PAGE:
Mentoring: How does it impact your business?

Does your business have a mentoring programme? If not, why not? Michael O’ Flynn recaps on the positive impact to business.

Most businesses will have some form of training or coaching in place, whether this is internal or provided by a third party, but mentoring could be much more appropriate in guiding members of staff in the right direction, giving employees the necessary skills and qualities needed to mould them into the perfect worker for the organisation.

Mentoring isn’t intended to replace traditional training methods, but is designed to work with learning programmes to better provide the mentee with the knowledge and skills to reach the objectives set.

Employee mentoring might not be something that you implement in your organisation but it’s a method of informal training that yields real benefits for all parties involved, from the mentee up through the mentor and ultimately enhancing the business as a whole.

So, what exactly are the benefits of mentoring and how will it affect your business?

Individual goals

Unlike traditional training methods where delegates learn the same objectives as everyone else, mentoring offers the chance for participants to work with their mentor, agree what they want to achieve through the programme, and to set targets to work towards, whether this is to improve within work or resolving personal issues.

By applying staff resources into a mentoring scheme you not only help with their professional life but also offer the opportunity for close bonds to develop within the team.

Depending on the level of those involved in the sessions a variety of topics could arise for discussion, by either pre-planning objectives to reach or making them as you go along the mentor must be able to adapt to each individual’s needs. Working with and gaining the trust of colleagues is the only way these goals will be achieved.

Professional and personal development

Mentoring offers both professional and personal development, with the individuals involved maintaining a strong relationship with each other. The mentor and mentee will often have regular informal meetings to discuss work problems, personal issues, and generally catch-up.

As well as the development of the mentee, this process also offers the chance for the mentor to grow alongside; developing new leadership and training skills through the time spent with each individual, subtly altering the style required to bring the best out of them.

Knowledge transferred from senior staff

At the core of the mentoring relationship is a transfer of knowledge, experience and a base relationship to build upon. As a mentor it’s your responsibility to continue this process, passing on your experiences and guidance to junior members of staff, providing an insight into the business and the industry as a whole.

It’s said that 80% of all learning is informal, and mentoring works this way too – you are entering into a professional relationship, but too much formality will hamper the effectiveness of the sessions and result in the experience being a waste of time and resources for all involved.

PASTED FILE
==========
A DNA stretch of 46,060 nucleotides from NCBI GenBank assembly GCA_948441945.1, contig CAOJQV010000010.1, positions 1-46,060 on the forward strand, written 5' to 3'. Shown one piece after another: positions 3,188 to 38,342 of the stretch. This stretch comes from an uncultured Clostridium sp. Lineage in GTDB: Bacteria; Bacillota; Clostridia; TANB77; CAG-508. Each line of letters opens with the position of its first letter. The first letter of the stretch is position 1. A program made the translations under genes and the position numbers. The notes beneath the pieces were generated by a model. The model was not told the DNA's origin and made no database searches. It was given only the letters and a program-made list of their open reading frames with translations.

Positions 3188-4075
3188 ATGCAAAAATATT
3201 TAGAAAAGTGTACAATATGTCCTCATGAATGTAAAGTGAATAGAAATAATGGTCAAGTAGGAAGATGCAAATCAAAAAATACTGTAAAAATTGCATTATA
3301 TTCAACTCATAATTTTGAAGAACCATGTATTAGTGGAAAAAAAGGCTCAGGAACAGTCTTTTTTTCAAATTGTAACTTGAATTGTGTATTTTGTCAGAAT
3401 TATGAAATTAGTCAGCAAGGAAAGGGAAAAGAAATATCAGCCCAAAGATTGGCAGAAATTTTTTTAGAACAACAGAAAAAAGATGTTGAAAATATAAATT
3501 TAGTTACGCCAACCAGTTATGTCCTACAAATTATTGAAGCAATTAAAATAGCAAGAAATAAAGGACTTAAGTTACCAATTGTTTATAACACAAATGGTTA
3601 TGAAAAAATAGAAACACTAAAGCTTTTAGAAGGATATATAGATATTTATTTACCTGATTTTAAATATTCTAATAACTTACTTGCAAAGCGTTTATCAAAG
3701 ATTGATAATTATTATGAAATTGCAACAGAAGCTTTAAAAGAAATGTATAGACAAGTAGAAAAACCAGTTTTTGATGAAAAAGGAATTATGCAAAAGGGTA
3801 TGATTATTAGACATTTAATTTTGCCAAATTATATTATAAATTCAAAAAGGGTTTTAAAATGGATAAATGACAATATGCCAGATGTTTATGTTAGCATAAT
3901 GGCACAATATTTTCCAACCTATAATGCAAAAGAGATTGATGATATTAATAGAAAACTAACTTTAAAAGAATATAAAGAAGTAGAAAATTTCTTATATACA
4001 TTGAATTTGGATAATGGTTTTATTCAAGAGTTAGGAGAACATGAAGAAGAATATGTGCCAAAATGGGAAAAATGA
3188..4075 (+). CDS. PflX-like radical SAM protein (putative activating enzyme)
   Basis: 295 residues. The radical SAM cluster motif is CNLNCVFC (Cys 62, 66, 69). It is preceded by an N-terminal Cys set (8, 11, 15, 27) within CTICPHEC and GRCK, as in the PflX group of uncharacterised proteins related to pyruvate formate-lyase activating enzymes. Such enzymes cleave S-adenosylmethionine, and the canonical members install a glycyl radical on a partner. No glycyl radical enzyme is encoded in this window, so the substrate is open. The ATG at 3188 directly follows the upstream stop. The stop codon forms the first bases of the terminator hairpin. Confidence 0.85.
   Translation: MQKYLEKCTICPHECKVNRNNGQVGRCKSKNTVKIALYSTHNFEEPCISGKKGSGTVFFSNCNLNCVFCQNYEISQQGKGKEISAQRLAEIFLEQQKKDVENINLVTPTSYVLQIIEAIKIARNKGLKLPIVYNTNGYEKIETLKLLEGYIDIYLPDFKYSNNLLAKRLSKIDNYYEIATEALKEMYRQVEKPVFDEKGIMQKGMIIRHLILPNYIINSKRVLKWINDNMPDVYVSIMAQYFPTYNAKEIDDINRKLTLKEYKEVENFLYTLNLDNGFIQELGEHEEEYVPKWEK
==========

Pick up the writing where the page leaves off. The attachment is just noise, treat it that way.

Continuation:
Greater staff engagement and retention

Staff morale is an ever-present concern for employers, maintaining a happy, motivated team is key to business success. By applying staff resources into a mentoring scheme you not only help with their professional life but also offer the opportunity for close bonds to develop within the team.

With staff morale boosted, employees can work with the knowledge they’re with an organisation that cares for them, reducing staff turnover, saving money from recruitment drives and offering the ability to grow an organic team of skilled workers.

Bring remote workers into the fold

In the digital age more and more people are choosing to work from home or at a remote office, a key aspect of mentoring is the relationships that can bloom from the experience for both the mentor and the mentee. With Skype, Google Hangouts and a variety of other free, online communication tools it’s becoming easier to maintain a mentoring culture, including remote workers.

Mentoring works best face to face, VOIP innovations such as Skype allow remote mentoring but all efforts should be made to bring the mentor and mentee together. Especially in situations where personal issues are to be discussed, being together can help people open up to conversations that may be easy to brush aside when sat miles apart.

As with all aspects of business nothing can be planned with the exact same outcomes, each unique operational structure within every organisation ensures it’s impossible to provide a catch-all guide to mentoring. As a training manager it’s up to you to decide which aspects to bring into play, one to one sessions or group mentoring? How beneficial would a scheduled remote mentoring day be to your employees?

The benefits of mentoring speak for themselves, harbouring a team of like-minded individuals, supported by the mentorship of senior team members leads to a combined upturn in employee spirit and a tangible rise in business affairs.


About the author

Michael O’Flynn is director of Sales & Marketing at the Professional Academy


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